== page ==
kirby comics and myspace
So, I got some good news today:
MySpace’s June redesign is proving to be a turning point in the social network’s effort to monetize its 118 million eyeballs. National brands are flocking to new advertising opportunities on the home page, making MySpace the top site in online ad views last month, according to Comscore.
The June redesign streamlined the home page and placed a large ad space at the top of the page. It offers splashier video ad placements with interactive elements that can move throughout the site.
As I announced two months back, I’m no longer doing client design work, focusing instead on my role as Director of Product design at Plinky. But the Myspace redesign (which includes work that hasn’t launched yet) was my last major engagement as an experience designer at Adaptive Path, and I’m very happy to see the success its had with users and now advertisers.
So that wide ad unit at the top, that spans all the way to the gutters? The one that affords a whole bunch of different ways to present ads (for tasty, tasty bacon) and marketing messages?
My rationale for the design decisions on the home page included making efficient use of screen geography, reducing the amount/increasing the impact of advertising, and providing opportunities for feature marketing and discovery… but really, the whole time I was thinking about this:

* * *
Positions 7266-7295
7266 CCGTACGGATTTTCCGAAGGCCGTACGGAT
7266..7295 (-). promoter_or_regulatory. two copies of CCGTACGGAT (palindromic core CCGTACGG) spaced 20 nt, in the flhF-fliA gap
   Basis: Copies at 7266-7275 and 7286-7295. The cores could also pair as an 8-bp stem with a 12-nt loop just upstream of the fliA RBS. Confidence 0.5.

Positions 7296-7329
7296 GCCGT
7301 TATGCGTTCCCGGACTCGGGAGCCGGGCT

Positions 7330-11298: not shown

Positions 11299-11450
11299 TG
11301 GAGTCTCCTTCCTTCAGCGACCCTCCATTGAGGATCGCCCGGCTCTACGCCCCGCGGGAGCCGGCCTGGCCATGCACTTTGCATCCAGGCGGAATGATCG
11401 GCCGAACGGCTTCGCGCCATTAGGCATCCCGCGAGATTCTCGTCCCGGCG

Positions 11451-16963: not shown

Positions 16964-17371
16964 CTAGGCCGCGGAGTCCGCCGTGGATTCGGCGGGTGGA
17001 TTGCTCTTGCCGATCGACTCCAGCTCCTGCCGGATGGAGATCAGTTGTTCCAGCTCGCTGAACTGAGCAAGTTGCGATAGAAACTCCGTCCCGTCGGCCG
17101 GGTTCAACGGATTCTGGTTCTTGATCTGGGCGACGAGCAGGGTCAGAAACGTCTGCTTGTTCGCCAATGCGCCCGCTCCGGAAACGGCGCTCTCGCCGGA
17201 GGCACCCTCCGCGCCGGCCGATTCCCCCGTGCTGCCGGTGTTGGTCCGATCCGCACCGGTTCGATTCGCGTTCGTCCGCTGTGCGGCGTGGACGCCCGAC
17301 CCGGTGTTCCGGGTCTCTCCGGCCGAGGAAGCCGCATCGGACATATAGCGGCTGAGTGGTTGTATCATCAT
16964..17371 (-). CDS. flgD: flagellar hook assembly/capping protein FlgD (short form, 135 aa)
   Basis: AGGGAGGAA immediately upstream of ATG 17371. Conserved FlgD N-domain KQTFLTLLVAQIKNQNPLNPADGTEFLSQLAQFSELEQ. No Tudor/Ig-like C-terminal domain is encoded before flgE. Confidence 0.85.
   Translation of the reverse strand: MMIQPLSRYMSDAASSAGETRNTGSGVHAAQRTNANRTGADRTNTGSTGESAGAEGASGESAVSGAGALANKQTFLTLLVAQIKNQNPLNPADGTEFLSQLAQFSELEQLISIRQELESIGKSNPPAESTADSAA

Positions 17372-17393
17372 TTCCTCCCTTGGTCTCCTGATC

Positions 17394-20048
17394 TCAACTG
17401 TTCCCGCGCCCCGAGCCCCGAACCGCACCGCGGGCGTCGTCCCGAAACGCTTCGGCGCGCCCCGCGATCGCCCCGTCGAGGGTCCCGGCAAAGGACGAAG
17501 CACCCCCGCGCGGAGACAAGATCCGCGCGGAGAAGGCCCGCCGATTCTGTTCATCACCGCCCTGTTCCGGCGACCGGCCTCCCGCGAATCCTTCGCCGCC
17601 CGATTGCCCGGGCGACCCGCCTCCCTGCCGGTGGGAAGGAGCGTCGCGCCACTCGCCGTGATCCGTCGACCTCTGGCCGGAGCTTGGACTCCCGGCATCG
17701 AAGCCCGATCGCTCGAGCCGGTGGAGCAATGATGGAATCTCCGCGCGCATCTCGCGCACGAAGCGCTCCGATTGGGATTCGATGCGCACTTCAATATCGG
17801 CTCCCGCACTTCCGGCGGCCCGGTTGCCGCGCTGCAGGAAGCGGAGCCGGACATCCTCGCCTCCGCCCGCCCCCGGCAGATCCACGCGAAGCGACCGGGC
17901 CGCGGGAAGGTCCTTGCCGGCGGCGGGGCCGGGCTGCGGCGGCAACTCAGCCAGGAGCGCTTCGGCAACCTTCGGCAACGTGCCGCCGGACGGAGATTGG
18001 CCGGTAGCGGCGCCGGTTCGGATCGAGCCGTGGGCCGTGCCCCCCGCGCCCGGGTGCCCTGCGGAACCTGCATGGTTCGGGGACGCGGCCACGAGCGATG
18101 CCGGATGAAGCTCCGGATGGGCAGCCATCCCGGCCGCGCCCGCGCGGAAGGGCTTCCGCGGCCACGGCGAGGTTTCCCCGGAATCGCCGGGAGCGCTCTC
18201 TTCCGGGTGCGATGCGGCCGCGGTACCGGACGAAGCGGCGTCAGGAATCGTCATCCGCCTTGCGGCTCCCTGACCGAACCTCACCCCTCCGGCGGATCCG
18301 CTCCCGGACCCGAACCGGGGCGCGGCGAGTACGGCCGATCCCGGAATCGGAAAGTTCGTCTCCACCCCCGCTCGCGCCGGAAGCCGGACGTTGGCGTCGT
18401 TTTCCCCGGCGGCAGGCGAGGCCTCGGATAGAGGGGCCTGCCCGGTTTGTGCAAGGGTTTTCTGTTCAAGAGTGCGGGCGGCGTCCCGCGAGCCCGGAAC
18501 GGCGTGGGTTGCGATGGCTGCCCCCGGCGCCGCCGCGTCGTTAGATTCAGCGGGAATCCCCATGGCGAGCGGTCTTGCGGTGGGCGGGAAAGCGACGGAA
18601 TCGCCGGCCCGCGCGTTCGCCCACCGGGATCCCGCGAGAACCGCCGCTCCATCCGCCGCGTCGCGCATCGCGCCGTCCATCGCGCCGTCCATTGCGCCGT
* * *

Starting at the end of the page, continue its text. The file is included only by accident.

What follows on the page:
Jack Kirby’s use of double page spreads in his comics blew me away as a kid. Huge panoramics of New Genesis, amazing action shots of Capt. America taking out what appeared to be hundreds of Nazis singlehandedly, or the above assault on Camelot from the Demon origin [image borrowed from the Kirby Comics blog] – the sheer impact of those scenes have stayed with me as an adult.
Effective design work is full of unexpected influences. When I proposed what I termed the “widescreen” element at the top of the MySpace home page, I was thinking of double page spreads, and how effectively they’ve been used by artists like Jack Kirby (and more recently Mark Millar in Marvel Comics’ Ultimates) – they capture the attention, communicate volumes, and ultimately (heh) stand out far more than your average 9 panel page.
I need to thank the MySpace team for taking a chance, and my friends at AP and Sequence for turning my simple descriptions of how it worked into something awesome.
I’m just chuffed that it actually worked.